|A fat and happy domestic turkey enjoying his digs at Shelburne Farms, Vermont|
I visited a farm over the weekend and snapped this photo of a fat and happy turkey. Although the poor guy does not know it, he will not be around, enjoying his life for long. He is destined to be ‘harvested’ and the center of attraction on some family’s Thanksgiving table.
Nowadays turkeys are raised for the edible enjoyment of millions of Americans as well as other people around the world. Apparently Americans love white meat, so the birds are fattened to produce the largest breasts possible. But the enlarged male tom turkeys are unable to fertilize the female hen turkeys in the natural mating position. Therefore females are artificially inseminated. Personally, I prefer dark meat and feel badly that males and females don’t get to have any carnal fun…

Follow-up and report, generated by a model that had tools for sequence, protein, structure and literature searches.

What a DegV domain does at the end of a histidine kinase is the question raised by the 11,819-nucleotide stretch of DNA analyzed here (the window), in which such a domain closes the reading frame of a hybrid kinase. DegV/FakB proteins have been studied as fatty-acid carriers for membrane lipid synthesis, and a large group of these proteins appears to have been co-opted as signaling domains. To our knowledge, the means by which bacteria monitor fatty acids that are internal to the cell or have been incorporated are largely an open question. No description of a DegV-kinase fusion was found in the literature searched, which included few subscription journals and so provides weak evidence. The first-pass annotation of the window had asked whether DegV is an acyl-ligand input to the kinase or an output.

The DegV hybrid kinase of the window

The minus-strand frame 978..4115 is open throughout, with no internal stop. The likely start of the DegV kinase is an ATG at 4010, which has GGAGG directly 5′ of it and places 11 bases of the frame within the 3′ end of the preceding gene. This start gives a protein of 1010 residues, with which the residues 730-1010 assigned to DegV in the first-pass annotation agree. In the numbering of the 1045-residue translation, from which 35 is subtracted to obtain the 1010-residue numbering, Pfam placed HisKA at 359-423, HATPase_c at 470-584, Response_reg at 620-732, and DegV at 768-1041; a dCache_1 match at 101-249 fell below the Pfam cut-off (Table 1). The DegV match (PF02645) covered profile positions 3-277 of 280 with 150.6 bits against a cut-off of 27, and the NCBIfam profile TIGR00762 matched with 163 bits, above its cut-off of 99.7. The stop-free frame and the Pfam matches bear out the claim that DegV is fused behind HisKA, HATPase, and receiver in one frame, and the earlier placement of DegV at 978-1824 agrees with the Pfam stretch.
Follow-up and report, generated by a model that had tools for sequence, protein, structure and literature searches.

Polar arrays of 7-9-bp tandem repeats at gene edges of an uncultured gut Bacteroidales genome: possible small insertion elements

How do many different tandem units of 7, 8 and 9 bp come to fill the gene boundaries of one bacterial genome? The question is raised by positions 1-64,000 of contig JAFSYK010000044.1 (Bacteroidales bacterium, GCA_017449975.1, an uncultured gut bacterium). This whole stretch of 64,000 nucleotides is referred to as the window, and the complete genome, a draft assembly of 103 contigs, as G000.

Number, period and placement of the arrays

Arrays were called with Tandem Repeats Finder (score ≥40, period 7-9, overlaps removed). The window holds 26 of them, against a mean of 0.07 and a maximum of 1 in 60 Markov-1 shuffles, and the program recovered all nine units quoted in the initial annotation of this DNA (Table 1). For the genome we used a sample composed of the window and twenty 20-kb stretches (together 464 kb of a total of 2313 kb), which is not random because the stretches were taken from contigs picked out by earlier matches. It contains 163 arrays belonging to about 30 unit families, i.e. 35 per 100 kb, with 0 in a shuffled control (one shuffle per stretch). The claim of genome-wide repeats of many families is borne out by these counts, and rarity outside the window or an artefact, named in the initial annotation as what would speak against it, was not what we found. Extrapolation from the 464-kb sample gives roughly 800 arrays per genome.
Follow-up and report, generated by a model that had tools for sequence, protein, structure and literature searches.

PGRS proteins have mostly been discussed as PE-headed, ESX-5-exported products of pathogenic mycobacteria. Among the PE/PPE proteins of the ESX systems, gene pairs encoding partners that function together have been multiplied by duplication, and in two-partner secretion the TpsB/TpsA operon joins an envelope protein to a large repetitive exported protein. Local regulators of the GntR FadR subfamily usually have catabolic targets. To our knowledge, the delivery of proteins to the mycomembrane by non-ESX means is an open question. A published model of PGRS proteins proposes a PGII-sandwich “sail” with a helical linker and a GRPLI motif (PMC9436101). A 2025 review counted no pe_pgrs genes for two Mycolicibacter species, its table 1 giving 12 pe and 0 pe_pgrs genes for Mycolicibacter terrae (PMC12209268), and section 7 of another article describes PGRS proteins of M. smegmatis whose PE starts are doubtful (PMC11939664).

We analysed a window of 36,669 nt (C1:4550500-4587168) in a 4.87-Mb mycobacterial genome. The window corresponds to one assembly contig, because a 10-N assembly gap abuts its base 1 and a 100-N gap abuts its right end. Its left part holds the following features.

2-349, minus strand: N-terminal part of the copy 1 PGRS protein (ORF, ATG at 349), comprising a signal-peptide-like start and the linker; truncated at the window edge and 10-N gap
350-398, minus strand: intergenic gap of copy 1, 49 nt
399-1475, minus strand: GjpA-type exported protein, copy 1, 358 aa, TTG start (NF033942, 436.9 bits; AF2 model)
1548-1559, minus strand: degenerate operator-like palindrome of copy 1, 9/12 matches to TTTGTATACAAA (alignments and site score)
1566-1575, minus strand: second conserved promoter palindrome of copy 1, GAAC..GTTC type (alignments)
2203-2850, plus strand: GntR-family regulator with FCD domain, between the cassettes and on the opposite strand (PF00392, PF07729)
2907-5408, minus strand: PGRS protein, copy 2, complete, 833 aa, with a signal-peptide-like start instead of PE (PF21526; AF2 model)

Modern breeding techniques have resulted in another side effect. Domesticated turkeys are dumb.
Did you know Big Bird of Sesame Street fame is dressed in turkey feathers? His feathers are died bright yellow.
Wild turkeys are native to Central America and Mexico. Mexicans were probably the first people to domesticate the turkey. The Spanish introduced turkeys to Europe in 1519; they reached England by 1524.
English farmers in the 1700’s walked the turkeys to market and it was sometimes a long march. Farmers placed little booties on the turkeys’ feet to protect them.
Ben Franklin believed the wild turkey, a multi-colored, aggressive bird of flight, should be the national bird.
Wild turkeys can fly; domestic ones cannot.
How many readers remember the 1970s sitcom WKRP? There is an infamous episode about turkeys. I still remember it, and found a clip on YouTube. Watch the first four minutes and enjoy!